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Fishers' involvement is crucial. Image: WDC/JTF

When porpoises and people overlap

We're funding a project in Hong Kong that's working with fishing communities to help save...

Mindful conservation – why we need a new respect for nature

'We should look at whales and dolphins as the indigenous people of the seas -...
A dolphin called Arnie with a shell

Dolphins catch fish using giant shell tools

In Shark Bay, Australia, two groups of dolphins have figured out how to use tools...
Common dolphins at surface

Did you know that dolphins have unique personalities?

We all have personalities, and between the work Christmas party and your family get-together, perhaps...
Leaping harbour porpoise

The power of harbour porpoise poo

We know we need to save the whale to save the world. Now we are...
Holly. Image: Miray Campbell

Meet Holly, she’s an incredible orca leader

Let me tell you the story of an awe-inspiring orca with a fascinating family story...
Humpback whale. Image: Christopher Swann

A story about whales and humans

As well as working for WDC, I write books for young people. Stories; about the...
Risso's dolphin at surface

My lucky number – 13 years studying amazing Risso’s dolphins

Everything we learn about the Risso's dolphins off the coast of Scotland amazes us and...

Progress of the Convention on Migratory Species Cetacean Agreement in the Pacific Islands Region

In 2006, governments from the Pacific Islands Region made some very strong steps towards protecting whales and dolphins by establishing the Convention of Migratory Species Memorandum of Understanding for the Conservation of Cetaceans and their Habitats in the Pacific Islands Region (CMS Pacific Cetaceans MoU). This is one of only three CMS agreements dedicated specifically to cetaceans in the world – and is by far the largest in size. What makes the progress of this agreement more laudable is that knowledge of cetacean diversity, threats and habitat is relatively low in this region (with a majority of cetacean species being considered ‘Data Deficient’ by the IUCN) and furthermore that there is a limited amount of resources available by many of the governments in this region. Hence, the purpose and motivation for this agreement is proactive and risk averse for real conservation gains. A recent paper we wrote [http://www.tandfonline.com/doi/full/10.1080/13880292.2013.764775] outlines the initiation and development of the CMS Pacific Cetaceans MoU.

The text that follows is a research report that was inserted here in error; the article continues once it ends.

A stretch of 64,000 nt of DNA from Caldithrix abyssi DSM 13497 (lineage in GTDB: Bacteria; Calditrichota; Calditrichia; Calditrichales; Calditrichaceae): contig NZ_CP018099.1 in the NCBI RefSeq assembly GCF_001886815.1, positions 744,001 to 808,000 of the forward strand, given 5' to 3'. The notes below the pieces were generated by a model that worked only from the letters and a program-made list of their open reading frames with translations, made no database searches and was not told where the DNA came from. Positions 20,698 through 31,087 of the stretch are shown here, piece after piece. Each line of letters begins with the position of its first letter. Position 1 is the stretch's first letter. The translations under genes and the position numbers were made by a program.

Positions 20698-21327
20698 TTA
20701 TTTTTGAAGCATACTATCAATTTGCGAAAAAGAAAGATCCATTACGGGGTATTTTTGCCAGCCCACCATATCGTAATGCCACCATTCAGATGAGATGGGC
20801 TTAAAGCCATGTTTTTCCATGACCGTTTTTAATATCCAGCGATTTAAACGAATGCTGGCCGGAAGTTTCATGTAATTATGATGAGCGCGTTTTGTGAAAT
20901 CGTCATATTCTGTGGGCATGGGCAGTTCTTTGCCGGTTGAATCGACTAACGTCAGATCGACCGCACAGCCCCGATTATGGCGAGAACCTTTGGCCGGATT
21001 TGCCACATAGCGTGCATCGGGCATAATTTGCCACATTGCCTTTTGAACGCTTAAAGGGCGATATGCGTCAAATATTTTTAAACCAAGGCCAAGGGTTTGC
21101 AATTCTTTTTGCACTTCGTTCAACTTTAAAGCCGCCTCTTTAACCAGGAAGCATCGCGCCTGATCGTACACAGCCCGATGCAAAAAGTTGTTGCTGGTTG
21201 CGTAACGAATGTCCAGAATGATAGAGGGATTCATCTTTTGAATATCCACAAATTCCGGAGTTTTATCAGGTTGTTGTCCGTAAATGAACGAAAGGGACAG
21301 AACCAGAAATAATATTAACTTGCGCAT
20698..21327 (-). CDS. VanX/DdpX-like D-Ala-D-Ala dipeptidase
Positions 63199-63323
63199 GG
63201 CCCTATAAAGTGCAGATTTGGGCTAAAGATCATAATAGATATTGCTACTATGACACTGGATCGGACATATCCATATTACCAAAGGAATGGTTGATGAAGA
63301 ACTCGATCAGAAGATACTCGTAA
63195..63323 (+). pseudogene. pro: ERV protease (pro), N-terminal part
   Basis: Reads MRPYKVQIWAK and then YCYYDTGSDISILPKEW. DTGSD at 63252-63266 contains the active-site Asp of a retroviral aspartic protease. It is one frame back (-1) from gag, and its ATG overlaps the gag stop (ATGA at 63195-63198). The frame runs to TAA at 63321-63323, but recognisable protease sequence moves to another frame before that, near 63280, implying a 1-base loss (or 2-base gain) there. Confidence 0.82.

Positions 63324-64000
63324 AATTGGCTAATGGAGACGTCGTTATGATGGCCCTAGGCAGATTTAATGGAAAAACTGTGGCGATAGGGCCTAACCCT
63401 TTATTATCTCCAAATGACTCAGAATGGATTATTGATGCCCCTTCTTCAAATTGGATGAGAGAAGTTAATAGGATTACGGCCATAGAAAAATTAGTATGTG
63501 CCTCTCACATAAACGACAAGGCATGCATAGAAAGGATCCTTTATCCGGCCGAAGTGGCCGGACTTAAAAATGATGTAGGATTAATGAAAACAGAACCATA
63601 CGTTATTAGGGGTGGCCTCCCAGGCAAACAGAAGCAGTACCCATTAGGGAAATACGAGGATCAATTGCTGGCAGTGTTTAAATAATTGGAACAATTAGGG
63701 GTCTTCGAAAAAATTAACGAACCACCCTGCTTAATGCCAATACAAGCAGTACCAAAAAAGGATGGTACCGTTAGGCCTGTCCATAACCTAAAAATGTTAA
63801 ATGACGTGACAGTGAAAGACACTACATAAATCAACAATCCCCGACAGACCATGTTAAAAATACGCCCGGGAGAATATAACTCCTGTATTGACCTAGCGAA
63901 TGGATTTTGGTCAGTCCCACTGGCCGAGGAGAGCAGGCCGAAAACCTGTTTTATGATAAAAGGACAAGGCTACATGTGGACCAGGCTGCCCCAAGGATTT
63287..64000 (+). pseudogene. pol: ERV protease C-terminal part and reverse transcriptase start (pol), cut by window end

We also look at the strengths, challenges and proposed next steps for the agreement while emphasizing the importance of ongoing support, strong national engagement, and effective collaboration and synergy in order to ensure the long-term goals and objectives of this agreement are met. For additional details on this initiative please see www.pacificcetaceans.org